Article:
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CHP notified by National Health Commission of plague case 
     The Centre for Health Protection (CHP) of the Department of Health today (July 6) received notification from the National Health Commission of a case of plague affecting a herder in Inner Mongolia.
     According to epidemiological investigations and clinical presentations, the patient was diagnosed to have bubonic plague yesterday (July 5) and had been to a place where plague was known to occur. The patient has been admitted to hospital for treatment under isolation and is in stable condition.
     A spokesman for the CHP said, "Plague is transmitted from an infected animal (mainly rodents) to humans through the bite of its fleas. Plague can also be contracted when cuts or other breaks in the skin come into contact with the body fluid or tissue of infected animals."
     Bubonic plague is a kind of plague which is not usually transmitted directly from person to person unless there is contact with pus from suppurating buboes. Patients infected with bubonic plague usually present with fever, headache and painful swelling of the regional lymph nodes, especially around the groin. The infection can progress to septicaemic plague when the bacteria invade the blood stream.
     The spokesman reminded travellers to avoid visiting plague-endemic areas. They should also heighten vigilance on rodents and prevent flea bites. Insect repellents against mosquitoes may equally prevent flea bites and repel blood-sucking insects. Formulations in lotions or sprays should contain DEET, IR3535 or icaridin (also known as picaridin) as active ingredients. The public should refer to the CHP's tips for using insect repellents.
     "Travellers returning from affected areas with a sudden onset of fever, shaking chills, body pains or chest discomfort should seek medical advice as soon as possible and reveal their travel history for prompt investigation and management. Plague is a statutorily notifiable disease and doctors should report suspected or confirmed cases to the CHP for investigations and control," the spokesman added.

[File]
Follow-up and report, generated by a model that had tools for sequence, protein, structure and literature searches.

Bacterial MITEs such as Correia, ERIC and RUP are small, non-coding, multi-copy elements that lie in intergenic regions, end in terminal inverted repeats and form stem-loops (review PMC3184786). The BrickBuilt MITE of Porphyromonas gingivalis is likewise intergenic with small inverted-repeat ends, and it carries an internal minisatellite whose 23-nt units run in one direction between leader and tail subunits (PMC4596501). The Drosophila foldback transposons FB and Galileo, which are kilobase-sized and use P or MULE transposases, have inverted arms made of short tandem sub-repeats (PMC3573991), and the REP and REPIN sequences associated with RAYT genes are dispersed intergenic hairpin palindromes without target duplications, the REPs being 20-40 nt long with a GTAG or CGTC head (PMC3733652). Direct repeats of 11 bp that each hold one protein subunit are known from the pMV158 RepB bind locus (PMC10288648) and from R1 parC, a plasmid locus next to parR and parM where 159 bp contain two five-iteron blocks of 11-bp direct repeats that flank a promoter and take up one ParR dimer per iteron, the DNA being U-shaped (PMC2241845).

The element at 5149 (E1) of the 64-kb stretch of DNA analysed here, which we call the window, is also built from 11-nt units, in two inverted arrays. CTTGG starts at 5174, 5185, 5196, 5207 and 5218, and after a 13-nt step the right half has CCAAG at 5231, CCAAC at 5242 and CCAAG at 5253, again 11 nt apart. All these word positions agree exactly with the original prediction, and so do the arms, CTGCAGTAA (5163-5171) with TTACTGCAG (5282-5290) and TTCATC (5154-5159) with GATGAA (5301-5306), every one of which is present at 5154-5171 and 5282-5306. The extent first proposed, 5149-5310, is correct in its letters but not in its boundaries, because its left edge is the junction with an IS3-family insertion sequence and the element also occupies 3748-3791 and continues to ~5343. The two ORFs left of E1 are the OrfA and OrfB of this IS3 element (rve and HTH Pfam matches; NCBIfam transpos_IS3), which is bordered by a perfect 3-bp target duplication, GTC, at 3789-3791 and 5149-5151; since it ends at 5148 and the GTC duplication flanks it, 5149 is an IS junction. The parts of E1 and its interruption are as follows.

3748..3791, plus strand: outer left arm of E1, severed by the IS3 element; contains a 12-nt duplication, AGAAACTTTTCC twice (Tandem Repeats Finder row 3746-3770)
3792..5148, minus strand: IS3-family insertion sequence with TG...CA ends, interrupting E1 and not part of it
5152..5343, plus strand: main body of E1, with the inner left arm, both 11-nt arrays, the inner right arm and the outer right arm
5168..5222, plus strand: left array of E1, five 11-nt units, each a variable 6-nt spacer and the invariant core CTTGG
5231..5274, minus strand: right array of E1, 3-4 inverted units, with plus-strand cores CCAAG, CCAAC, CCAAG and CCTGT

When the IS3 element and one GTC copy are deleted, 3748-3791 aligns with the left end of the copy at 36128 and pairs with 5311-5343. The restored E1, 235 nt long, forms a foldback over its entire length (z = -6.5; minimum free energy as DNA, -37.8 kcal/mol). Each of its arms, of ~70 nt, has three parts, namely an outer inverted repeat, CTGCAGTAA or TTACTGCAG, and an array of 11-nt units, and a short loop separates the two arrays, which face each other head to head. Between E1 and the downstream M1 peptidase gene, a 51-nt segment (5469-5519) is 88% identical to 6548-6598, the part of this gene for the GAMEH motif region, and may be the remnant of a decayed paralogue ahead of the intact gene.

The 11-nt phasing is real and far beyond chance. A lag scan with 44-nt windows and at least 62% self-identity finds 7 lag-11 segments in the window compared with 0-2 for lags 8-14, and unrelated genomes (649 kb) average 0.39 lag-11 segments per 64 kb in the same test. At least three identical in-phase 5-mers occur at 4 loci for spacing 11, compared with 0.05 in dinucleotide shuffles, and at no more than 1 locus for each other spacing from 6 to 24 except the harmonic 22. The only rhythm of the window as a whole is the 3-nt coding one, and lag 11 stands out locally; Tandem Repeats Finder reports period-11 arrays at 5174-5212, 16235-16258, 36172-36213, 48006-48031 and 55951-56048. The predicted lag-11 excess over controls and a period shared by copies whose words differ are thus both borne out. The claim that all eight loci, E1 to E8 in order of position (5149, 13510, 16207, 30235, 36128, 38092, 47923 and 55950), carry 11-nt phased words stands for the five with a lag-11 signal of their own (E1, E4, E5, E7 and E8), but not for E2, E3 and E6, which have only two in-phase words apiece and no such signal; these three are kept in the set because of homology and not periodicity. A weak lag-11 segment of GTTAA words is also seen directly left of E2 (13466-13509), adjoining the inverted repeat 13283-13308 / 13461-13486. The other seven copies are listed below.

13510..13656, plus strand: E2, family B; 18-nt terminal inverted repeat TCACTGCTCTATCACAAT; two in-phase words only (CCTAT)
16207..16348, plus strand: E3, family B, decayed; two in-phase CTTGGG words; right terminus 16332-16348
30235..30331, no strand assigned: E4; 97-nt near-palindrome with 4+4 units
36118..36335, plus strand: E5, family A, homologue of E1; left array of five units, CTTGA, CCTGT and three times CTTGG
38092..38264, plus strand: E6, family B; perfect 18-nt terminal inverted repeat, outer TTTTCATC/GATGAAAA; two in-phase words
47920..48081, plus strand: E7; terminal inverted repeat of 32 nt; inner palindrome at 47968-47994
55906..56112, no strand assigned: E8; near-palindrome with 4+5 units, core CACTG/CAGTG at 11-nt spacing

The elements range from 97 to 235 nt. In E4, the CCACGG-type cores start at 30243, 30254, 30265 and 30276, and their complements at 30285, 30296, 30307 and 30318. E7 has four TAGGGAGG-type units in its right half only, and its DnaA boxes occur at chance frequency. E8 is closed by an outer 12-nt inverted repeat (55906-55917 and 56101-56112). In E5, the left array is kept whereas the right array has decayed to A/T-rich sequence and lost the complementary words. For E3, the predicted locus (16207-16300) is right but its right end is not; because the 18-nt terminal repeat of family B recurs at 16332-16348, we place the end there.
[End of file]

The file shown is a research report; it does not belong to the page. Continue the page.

Travellers should take heed of the health advice below during travel:
  • Prevent flea bites by wearing long-sleeved shirts and trousers, and applying insect repellent/insecticide. DEET-containing insect repellent can be applied to exposed skin and clothing, while insecticide containing permethrin can be applied to clothing, not the skin;
  • Avoid going to rural areas, camping or hunting;
  • Never touch rodents, dead animals and their tissues or contaminated materials;
  • Avoid close contact with patients, especially those with a cough or chest infection;
  • Avoid going to crowded areas;
  • Seek medical care immediately in case of a sudden onset of fever, chills, painful lymph nodes, difficulty in breathing with coughing and/or blood-tainted sputum; and
  • Consult a doctor immediately after contact or exposure to pneumonic plague patients or high-risk exposures, such as bites from fleas or direct contact with body fluids or tissues of potentially infected animals, for prompt assessment of the need for preventive medication.
     Travellers may visit the CHP's plague pageTravel Health News and the Food and Environmental Hygiene Department's advice on rodent control for details.
Ends/Monday, July 6, 2020
Issued at HKT 17:26
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